More than 60 residents that have property in the West Pittston floodplain face a citation and $579 fine if they don't begin the process of bringing their homes into compliance with
Bill O'Donnell, West Pittston's Floodplain Administrator and code and zoning enforcement officer, said he recently sent out more than 100 letter informing residents of what needs to be done.
Only 40 people responded, he said. Citations will be issued at the end of December into the beginning of January.
The Federal Emergency Management Agency put the town on probation with the National Flood Insurance Program as of Dec. 1. Because of the measure, residents that own property in the floodplain will incur a $50 surcharge when they renew their flood insurance policies. Probation can last a year until the probation is lifted or suspension occurs.
On Sept. 8, 2011, when, in the wake of Hurricane Irene and Tropical Storm Lee, the Susquehanna River crested at 44.6 feet and a third of West Pittston was under water. Almost 900 homes and 26 businesses were affected by the floodwaters. Five businesses moved out of town and among the homes 628 experienced basement flooding, 236 first floor flooding and 16 second floor flooding.
FEMA notified the borough in June of flood plain management violations and program deficiencies that required correction by Oct. 1. The probation period was extended in August to Nov. 1, then, a week later, to Dec. 1.
O'Donnell said many homes in the floodplain have been abandoned or gutted. Others are awaiting federal buyouts.
The remaining homes need to prove their utilities have been raised 18 inches above the ‘base flood elevation.'
He said that level varies from house to house and from street to street, but it's generally 558 to 563 feet above sea level.
You need to know where that level is on your house, he said. The borough can't give you a permit until you get that number.
An engineer can provide that number and the borough's engineering firm, Reilly and Associates, is doing group inspections for $125, at a significant discount because they're doing them in groups.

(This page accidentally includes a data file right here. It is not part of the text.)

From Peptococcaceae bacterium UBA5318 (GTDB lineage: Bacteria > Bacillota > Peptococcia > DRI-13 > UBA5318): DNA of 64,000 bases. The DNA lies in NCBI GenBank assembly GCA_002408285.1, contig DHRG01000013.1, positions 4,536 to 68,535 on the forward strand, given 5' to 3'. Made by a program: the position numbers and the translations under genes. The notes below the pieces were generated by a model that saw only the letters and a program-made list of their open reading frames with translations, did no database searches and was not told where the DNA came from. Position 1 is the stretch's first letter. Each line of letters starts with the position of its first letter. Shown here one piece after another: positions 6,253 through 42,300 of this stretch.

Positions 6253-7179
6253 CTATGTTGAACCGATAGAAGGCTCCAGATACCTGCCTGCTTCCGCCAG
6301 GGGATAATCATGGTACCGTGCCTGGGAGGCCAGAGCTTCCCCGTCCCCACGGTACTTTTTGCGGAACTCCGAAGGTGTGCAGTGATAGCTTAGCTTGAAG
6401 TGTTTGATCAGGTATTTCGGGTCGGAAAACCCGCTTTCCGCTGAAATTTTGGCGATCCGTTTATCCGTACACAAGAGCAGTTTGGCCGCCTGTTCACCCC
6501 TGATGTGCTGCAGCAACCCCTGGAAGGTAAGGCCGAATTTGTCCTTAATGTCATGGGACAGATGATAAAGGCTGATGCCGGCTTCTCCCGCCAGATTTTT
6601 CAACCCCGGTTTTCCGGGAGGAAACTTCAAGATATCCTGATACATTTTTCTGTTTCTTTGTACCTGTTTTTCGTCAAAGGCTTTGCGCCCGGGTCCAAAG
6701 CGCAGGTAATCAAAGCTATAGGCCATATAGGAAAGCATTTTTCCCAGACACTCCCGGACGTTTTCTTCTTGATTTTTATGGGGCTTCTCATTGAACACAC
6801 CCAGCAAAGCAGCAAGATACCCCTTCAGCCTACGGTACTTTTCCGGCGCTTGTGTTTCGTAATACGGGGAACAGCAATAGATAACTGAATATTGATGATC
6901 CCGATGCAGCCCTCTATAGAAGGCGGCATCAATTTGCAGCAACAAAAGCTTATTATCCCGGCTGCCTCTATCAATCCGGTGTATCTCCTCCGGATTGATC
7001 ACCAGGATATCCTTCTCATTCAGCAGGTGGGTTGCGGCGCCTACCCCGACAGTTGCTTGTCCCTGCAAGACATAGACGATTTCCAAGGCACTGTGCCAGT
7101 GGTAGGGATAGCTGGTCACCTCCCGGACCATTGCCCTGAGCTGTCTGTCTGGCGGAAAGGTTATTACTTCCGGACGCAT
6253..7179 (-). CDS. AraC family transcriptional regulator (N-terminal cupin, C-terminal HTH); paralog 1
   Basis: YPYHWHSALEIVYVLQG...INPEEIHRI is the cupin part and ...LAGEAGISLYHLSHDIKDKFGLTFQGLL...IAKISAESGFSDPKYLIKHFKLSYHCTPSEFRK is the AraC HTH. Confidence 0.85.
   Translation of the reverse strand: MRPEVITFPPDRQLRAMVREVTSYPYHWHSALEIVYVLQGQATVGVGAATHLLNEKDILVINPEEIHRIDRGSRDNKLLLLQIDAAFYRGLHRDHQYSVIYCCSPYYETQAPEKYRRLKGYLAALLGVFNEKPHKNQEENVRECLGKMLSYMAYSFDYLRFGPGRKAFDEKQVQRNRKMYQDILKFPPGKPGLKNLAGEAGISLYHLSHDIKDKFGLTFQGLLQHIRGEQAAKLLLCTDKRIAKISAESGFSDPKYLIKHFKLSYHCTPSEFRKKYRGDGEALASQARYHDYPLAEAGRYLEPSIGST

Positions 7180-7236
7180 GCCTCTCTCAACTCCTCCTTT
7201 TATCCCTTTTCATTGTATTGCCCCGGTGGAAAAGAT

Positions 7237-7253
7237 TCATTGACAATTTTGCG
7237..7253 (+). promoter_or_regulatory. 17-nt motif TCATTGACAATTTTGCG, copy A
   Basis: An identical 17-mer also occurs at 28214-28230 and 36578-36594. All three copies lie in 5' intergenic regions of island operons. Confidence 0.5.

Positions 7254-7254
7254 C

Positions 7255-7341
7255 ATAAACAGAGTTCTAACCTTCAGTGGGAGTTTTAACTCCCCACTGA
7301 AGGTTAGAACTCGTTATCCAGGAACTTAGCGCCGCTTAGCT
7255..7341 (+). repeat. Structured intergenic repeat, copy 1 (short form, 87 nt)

He said FEMA could ultimately suspend individual flood insurance policies for people that are not up to code.
(Residents) could lose their homes if they're not insured, he said. The bank will foreclose if the home isn't insured.
O'Donnell said there was a cascade of miscommunication among public officials and the media that he is trying to rectify.
West Pittston Borough Manager Savino Bonita has said West Pittston has updated its flood plain ordinance and hired a flood plain manager, O'Donnell, as required by FEMA, and some property owners have brought their properties into compliance. But a problem remains with property owners in the 100-year flood plain who repaired their homes, in many cases before the borough was aware it was not compliant, but fail to meet NFIP specifications.
U.S. Sen. Bob Casey tried to prevent the measure by asking FEMA to recognize the progress that West Pittston has made in updating the flood plan and avoid the $50 surcharge around the holidays.
West Pittston continues to make progress on its flood plan, and it's critical that FEMA recognize that progress and continue to work with the borough as opposed to issuing a fine, Casey said. Flooding is a significant problem in West Pittston and the last thing these residents, who have just recovered from the flood, need is an increase in their flood insurance rates- especially around the holidays.
When new federal floodplain maps came out in November, 133 homes were added to the flood zone, and will have to abide by the new ordinance when flooding occurs again.
West Pittston Council President Barry Hosier informed residents at a recent meeting that West Pittston has done everything to date that they've [FEMA] asked for.
He pointed out that West Pittston has hired personnel and jumped through hoops for FEMA.
West Pittston has 358 flood insurance policies in force with coverage totaling $73,191,100.